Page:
The same strong resemblance can be seen in Voltron: Legendary Defender, a reboot of Voltron franchise, this time completely produced by American artists. Lauren Montgomery and Joaquim Dos Santos, both known for their work on the Avatar: The Last Airbender and its sequel The Legend of Korra, served as showrunners while fellow crew member Tim Hedrick served as head writer. These anime-influenced animations have become defined as "anime" by some sources, in an attempt to classify all Japanese-anime styled works of non-Japanese origin.[16]

The main characters of RWBY.

The web-based series RWBY, produced by Texas-based company Rooster Teeth, is produced using an anime-influenced art style, and has been referred to as an American anime by multiple sources.[5][21] For example, when the series was licensed for release in Japan, AdWeek reported on the situation using the headline "American-made anime from Rooster Teeth gets licensed in Japan".[22] The CEO of Rooster Teeth, Matt Hullum, commented on the licensing agreement, saying "This is the first time any American-made anime has been marketed to Japan. It definitely usually works the other way around, and we're really pleased about that."[22] In 2013, Monty Oum, the creator of RWBY, said “Some believe just like Scotch needs to be made in Scotland, an American company can’t make anime. I think that’s a narrow way of seeing it. Anime is an art form, and to say only one country can make this art is wrong."[5]

In 2015, Netflix announced that it intended to produce anime.[23] In doing so, the company is offering a more accessible channel for distribution to Western markets.[24]

Defining anime as style has been contentious amongst fans, with John Oppliger stating, "The insistence on referring to original American art as "anime" or "manga" robs the work of its cultural identity."[4][25] On the other hand, animations like Avatar: The Last Airbender, its sequel and Voltron: Legendary Defender have opened up more debates on whether these works should be called "anime" and whether the culturally abstract approach to the word's meaning may open up the possibility of anime produced in countries other than Japan.[5][6][7] While some Westerners strictly view anime as a Japanese animation product,[4] some scholars suggest defining anime as specifically or quintessentially Japanese may be related to a new form of orientalism[8] with some fans and critics arguing that the term should be defined as a "style" rather than as a national product, which leaves open the possibility of anime being produced in other countries.[3][6]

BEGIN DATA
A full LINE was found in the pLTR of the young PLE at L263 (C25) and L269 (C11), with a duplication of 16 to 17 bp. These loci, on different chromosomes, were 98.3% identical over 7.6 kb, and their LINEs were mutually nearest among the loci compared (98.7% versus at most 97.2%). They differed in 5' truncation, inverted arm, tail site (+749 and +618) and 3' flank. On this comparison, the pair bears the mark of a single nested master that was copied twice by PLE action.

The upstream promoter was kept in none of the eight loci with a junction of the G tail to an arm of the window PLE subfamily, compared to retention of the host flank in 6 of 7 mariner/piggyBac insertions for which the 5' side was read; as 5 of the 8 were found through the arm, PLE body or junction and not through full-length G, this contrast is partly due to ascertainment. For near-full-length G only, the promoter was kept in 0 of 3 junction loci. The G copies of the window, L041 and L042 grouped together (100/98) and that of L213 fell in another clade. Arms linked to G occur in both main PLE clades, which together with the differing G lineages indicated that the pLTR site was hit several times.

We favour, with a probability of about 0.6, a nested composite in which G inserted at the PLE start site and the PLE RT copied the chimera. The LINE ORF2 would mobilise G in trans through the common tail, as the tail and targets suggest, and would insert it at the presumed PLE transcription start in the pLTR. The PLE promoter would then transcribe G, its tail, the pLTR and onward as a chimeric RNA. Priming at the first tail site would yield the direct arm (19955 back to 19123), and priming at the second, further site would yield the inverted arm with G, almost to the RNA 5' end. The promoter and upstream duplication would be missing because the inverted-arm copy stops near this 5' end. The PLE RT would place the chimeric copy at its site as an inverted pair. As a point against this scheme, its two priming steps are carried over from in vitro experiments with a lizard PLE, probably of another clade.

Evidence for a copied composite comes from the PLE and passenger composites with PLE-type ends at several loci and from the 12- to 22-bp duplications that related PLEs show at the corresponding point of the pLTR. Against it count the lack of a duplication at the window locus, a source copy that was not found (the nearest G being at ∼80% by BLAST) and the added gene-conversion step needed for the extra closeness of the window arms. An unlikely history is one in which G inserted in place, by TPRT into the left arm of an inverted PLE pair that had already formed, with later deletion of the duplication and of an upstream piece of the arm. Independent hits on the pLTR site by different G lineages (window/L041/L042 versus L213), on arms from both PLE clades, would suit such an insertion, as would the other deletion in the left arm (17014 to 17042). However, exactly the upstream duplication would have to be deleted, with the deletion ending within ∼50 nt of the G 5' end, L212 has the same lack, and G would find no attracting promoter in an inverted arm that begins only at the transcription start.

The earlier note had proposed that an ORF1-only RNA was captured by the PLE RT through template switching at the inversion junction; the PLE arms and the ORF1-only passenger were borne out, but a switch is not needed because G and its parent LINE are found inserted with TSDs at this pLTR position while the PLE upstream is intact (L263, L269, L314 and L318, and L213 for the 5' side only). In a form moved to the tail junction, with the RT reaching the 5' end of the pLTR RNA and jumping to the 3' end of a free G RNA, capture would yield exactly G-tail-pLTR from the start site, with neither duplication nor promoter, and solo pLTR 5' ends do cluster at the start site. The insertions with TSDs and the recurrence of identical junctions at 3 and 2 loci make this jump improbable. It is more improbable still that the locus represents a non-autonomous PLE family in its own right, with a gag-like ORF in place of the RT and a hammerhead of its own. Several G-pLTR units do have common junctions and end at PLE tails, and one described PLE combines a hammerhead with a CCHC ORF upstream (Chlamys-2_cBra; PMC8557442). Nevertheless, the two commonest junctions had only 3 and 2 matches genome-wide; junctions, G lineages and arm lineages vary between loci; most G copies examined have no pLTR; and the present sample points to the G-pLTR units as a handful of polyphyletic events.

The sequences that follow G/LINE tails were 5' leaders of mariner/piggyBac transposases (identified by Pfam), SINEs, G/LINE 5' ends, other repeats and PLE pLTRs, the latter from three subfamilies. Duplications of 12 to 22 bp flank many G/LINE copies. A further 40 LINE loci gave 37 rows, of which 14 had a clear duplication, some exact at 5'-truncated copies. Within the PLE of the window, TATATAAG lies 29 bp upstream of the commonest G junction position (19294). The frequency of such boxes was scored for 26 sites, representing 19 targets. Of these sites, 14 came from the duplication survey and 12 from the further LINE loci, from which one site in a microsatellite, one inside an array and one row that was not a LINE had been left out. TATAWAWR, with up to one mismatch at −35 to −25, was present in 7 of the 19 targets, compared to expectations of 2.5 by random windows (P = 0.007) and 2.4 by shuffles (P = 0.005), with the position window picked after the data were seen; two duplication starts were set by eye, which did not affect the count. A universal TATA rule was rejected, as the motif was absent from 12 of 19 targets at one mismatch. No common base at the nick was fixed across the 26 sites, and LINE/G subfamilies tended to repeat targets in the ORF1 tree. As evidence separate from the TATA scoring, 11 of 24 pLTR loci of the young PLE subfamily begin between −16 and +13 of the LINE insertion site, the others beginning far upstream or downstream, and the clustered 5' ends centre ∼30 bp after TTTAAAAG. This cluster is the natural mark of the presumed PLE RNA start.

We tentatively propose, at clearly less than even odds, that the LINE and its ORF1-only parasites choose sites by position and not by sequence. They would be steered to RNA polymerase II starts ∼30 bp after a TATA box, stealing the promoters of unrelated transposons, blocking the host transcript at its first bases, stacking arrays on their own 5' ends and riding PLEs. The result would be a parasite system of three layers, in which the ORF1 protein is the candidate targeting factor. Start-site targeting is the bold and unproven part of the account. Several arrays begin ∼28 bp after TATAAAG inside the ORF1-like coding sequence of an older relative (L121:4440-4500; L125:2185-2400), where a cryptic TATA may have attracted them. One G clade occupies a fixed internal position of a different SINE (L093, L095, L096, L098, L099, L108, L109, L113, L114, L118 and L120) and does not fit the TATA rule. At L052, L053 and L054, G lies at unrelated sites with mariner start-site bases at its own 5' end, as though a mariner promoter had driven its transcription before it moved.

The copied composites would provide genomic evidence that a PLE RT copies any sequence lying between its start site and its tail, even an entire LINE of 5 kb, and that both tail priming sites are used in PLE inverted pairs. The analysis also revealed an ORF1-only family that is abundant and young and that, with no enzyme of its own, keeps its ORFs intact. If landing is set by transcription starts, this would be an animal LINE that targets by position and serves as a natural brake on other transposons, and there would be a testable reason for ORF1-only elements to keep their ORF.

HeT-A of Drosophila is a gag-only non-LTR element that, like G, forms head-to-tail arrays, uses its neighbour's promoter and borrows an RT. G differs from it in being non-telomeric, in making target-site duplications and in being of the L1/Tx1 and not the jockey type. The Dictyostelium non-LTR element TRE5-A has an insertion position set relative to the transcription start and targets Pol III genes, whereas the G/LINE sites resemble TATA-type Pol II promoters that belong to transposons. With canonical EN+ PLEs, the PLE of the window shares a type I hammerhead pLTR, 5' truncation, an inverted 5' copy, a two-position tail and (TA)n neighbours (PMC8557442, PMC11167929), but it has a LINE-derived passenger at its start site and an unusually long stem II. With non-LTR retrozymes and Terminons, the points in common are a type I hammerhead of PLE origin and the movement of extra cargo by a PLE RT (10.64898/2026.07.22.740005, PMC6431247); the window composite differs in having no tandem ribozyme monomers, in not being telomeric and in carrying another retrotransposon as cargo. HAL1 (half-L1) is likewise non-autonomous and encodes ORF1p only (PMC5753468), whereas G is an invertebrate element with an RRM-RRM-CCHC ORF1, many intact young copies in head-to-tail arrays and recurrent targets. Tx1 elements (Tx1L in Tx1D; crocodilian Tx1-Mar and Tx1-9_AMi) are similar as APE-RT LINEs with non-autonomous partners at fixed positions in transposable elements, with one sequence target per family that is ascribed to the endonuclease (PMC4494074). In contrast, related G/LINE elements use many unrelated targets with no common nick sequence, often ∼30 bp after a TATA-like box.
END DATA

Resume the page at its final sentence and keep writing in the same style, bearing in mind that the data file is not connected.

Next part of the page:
Stitch! is the anime spin-off of Disney's Lilo & Stitch franchise and the successor to Lilo & Stitch: The Series. It debuted in Japan in October 2008. The show features a Japanese girl named Yuna in place of Lilo, and is set on a fictional island in the Ryukyus off the shore of Okinawa instead of Hawaii.


The production on The Animatrix began when the Wachowskis visited some of the creators of the anime films that had been strong influences on their work, and decided to collaborate with them.[26]

Japanese anime has influenced Disney, Pixar and DreamWorks productions. Glen Keane, the animator for successful Disney films such as The Little Mermaid (1989), Beauty and the Beast (1991), Aladdin (1992), and Tangled (2010), has credited Hayao Miyazaki as a "huge influence" on Disney's animated films ever since The Rescuers Down Under (1990).[27] Gary Trousdale and Kirk Wise, the directors of Disney films such as Beauty and the Beast, Hunchback of Notre Dame (1996), and Atlantis: The Lost Empire (2001), are fans of anime and have cited Miyazaki's works as a major influence on their own work.[28] Miyazaki's influence on Disney dates back to The Great Mouse Detective (1986), which was influenced by Miyazaki's Lupin III film Castle of Cagliostro (1979) and which in turn paved the way for the Disney Renaissance.[29][30]

Controversially, Disney's The Lion King (1994) was accused of plagiarizing Osamu Tezuka's 1960s anime series Kimba the White Lion, due to both works sharing numerous similarities, leading to a protest upon release in Japan. However, Disney denied the accusation of plagiarism.[31][32] The controversy surrounding Kimba and The Lion King was parodied in a 1995 episode of The Simpsons.[33] A similar controversy surrounded another Disney film, Atlantis: The Lost Empire, which was alleged to have plagiarized the Studio Gainax anime series Nadia: The Secret of Blue Water (1990).[28][34] Atlantis directors Gary Trousdale and Kirk Wise denied the allegation, but nevertheless acknowledged Miyazaki's films as a major influence on their work.[28]